A Massachusetts team has identified amino acid1and triacylglyceride2 signatures that can predict increased risk of developing type 2 diabetes. The researchers now plan to look at whether the signatures can distinguish which prediabetic patients will benefit from lifestyle changes or therapeutic intervention. The key unknown is whether a cutoff value for the signatures can be identified that will prospectively predict an individual's risk or response to treatment.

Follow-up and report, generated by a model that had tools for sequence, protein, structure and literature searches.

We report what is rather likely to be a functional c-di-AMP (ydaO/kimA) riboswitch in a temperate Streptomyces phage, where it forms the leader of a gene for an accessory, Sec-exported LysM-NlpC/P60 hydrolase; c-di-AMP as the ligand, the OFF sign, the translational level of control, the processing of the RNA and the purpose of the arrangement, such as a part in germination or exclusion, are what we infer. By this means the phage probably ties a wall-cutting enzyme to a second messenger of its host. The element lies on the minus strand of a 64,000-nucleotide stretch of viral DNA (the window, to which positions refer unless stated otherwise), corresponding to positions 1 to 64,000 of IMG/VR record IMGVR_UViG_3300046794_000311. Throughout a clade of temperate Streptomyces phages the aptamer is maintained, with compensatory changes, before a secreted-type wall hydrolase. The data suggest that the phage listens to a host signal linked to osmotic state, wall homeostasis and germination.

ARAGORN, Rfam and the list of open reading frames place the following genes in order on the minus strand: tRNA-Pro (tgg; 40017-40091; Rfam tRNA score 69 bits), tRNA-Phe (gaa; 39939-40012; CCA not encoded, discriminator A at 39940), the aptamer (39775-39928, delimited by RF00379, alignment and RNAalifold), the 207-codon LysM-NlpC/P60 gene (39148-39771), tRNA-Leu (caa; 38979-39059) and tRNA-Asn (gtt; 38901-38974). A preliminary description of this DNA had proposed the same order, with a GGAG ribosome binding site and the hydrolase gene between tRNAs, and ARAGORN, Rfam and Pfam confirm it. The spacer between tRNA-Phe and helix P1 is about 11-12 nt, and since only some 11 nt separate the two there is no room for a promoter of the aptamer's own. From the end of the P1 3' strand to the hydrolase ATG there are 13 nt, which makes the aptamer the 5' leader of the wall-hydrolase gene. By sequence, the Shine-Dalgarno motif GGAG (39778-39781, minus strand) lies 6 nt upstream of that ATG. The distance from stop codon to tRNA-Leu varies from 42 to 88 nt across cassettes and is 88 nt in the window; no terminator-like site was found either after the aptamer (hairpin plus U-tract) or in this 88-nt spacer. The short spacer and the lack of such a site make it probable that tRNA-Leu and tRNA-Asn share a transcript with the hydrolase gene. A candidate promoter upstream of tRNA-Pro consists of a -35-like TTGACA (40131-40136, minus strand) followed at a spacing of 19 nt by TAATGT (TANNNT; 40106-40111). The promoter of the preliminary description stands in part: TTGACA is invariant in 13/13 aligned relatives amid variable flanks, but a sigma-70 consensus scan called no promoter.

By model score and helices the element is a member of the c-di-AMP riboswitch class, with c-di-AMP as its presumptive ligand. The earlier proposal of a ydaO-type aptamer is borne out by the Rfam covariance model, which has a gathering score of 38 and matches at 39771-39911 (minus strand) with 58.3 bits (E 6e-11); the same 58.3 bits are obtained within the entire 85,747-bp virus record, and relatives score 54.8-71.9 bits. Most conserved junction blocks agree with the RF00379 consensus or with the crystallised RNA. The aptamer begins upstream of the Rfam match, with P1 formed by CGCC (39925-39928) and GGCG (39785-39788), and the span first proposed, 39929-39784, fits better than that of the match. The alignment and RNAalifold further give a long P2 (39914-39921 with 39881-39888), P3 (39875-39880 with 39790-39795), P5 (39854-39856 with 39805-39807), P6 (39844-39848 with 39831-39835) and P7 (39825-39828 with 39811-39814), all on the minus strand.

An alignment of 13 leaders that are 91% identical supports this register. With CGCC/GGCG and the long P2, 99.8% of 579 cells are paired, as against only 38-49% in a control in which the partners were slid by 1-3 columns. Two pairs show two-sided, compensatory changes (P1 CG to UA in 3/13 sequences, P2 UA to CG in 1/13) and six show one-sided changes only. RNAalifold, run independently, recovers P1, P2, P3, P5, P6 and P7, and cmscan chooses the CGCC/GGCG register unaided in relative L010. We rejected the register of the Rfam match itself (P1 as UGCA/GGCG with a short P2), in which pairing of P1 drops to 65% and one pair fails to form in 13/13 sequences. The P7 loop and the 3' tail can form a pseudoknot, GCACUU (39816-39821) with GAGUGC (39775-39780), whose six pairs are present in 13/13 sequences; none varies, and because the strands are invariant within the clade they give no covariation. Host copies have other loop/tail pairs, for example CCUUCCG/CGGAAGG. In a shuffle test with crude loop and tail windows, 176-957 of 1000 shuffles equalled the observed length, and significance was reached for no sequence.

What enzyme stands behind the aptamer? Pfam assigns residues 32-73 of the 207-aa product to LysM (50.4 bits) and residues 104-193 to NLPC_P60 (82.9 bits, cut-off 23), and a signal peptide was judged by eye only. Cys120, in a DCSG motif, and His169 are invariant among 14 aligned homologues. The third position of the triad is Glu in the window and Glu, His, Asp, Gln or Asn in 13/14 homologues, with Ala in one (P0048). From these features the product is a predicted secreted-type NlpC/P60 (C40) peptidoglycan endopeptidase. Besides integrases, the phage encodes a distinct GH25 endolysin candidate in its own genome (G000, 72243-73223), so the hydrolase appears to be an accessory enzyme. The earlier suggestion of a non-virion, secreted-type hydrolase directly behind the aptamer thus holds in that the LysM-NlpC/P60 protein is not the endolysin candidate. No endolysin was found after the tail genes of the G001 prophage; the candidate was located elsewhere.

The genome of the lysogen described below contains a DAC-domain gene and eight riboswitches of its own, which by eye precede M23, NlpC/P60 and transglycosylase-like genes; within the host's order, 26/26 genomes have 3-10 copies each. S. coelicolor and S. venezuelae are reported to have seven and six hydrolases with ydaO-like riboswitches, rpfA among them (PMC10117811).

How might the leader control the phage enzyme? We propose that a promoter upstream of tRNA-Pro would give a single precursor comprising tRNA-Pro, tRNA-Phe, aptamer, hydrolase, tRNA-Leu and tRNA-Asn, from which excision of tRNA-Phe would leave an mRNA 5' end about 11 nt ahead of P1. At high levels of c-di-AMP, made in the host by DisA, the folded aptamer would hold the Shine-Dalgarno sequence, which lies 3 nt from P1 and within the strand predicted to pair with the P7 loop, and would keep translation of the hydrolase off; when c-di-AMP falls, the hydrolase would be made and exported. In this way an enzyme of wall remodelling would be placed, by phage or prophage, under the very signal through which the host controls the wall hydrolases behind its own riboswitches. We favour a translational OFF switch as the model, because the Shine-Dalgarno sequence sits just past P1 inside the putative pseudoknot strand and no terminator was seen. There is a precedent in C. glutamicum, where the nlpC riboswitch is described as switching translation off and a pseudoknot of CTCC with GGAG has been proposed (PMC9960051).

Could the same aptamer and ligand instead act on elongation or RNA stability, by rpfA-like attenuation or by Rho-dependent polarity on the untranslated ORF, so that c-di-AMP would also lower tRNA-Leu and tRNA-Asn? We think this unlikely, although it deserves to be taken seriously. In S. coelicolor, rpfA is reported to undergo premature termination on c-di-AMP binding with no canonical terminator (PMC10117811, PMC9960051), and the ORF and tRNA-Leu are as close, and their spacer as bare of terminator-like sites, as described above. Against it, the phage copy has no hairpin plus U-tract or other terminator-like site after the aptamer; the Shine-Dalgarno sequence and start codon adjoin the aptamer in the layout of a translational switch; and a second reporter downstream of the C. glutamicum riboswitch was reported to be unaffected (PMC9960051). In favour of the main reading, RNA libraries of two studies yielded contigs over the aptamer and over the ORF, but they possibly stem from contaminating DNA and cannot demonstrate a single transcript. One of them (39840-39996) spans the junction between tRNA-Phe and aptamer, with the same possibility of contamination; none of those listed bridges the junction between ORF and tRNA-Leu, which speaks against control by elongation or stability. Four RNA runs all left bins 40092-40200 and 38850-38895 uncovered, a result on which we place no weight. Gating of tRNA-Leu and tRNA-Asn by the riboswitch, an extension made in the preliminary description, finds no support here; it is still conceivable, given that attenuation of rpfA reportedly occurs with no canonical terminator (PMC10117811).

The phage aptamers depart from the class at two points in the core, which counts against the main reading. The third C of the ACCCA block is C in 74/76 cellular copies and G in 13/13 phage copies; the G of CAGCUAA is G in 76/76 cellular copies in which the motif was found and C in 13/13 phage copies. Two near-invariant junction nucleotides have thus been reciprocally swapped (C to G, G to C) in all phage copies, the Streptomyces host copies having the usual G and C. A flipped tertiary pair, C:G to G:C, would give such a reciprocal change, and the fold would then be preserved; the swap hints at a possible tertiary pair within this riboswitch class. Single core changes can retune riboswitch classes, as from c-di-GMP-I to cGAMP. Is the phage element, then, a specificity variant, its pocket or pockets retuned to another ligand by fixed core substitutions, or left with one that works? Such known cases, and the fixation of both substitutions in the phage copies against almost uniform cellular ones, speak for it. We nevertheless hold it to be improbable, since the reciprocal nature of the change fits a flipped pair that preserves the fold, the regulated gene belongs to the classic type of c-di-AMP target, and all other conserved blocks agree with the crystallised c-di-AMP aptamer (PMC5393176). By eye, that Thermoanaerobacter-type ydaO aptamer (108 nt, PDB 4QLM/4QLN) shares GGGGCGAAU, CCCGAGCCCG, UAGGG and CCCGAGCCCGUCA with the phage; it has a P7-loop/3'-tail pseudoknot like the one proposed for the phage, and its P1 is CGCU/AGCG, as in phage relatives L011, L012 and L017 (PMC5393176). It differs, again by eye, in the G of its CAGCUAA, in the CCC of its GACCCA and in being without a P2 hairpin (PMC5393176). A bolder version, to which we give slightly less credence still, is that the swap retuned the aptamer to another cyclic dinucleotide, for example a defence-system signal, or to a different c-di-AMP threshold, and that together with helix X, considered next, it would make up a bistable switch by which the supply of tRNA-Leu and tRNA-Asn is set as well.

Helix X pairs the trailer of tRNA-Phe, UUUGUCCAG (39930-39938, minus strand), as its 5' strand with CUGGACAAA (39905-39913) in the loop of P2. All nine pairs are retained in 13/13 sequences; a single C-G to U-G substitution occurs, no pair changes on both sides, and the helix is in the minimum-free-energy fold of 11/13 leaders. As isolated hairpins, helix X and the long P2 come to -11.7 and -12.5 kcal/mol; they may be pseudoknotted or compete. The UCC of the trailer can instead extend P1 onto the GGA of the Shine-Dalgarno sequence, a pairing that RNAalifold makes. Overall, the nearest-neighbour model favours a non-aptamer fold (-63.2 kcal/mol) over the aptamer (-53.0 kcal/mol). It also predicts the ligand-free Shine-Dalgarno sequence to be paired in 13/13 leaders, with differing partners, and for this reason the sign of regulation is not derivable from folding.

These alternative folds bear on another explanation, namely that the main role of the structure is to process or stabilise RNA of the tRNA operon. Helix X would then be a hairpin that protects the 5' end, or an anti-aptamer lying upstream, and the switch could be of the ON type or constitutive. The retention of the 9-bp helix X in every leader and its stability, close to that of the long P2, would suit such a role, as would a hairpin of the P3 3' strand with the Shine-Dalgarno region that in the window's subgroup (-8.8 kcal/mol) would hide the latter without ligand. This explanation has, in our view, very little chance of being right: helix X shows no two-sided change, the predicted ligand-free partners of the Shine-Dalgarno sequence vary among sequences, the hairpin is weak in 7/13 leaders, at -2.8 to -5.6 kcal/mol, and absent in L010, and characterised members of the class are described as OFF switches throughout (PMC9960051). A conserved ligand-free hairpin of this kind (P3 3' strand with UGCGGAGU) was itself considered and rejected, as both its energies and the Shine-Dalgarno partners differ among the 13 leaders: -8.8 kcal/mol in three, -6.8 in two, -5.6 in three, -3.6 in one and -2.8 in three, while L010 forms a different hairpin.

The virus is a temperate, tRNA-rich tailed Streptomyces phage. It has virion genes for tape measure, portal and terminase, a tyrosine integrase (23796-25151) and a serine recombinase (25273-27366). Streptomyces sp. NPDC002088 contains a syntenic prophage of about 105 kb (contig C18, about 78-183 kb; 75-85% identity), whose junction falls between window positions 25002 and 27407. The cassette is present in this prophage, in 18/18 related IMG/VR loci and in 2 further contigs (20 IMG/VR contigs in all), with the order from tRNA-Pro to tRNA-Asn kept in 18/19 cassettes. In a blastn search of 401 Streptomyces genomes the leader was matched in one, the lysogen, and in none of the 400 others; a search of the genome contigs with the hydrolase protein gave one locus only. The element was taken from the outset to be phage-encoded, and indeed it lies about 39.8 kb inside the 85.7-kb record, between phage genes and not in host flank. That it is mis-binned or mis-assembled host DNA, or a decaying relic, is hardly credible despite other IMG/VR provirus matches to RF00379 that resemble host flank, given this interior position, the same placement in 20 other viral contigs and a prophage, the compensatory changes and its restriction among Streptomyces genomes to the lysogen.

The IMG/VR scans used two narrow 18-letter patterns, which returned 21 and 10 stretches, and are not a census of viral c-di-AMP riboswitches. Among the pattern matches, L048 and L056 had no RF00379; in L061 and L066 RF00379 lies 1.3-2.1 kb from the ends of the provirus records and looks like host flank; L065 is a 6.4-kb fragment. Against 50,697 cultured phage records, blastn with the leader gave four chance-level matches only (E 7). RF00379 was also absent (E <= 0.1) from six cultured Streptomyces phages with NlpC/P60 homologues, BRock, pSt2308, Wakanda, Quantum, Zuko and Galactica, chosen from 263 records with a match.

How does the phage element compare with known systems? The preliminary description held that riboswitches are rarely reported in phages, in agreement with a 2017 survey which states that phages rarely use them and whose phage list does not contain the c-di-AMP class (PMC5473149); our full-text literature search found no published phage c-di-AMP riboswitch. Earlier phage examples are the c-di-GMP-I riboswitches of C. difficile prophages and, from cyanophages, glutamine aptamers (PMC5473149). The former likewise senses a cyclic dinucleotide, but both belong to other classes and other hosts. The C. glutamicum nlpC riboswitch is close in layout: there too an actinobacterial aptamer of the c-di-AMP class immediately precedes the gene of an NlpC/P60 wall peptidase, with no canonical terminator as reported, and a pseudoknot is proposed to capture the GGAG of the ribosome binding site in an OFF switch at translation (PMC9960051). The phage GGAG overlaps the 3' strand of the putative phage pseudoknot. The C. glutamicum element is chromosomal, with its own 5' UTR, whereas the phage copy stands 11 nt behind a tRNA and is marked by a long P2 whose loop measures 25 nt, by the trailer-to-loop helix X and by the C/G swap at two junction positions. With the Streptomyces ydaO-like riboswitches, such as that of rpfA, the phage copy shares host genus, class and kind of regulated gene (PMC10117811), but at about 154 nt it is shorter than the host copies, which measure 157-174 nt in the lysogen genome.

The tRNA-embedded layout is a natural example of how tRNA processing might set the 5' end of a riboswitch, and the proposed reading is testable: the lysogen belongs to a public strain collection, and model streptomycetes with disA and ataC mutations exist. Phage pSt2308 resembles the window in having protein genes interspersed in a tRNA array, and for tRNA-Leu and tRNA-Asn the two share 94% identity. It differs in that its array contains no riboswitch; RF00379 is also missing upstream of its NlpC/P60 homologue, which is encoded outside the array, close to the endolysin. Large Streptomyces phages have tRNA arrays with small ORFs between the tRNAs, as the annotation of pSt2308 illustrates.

"We know that the current tools for diagnosing diabetes-glucose and HbA1c-are not particularly good at predicting diabetes," said Steven Watkins, CSO of Tethys Bioscience Inc. "This is because changes in the blood levels of these markers tend to occur late in the disease process."
Tethys markets PreDx DRS, an assay that predicts an individual's risk of developing diabetes. The test is conducted in a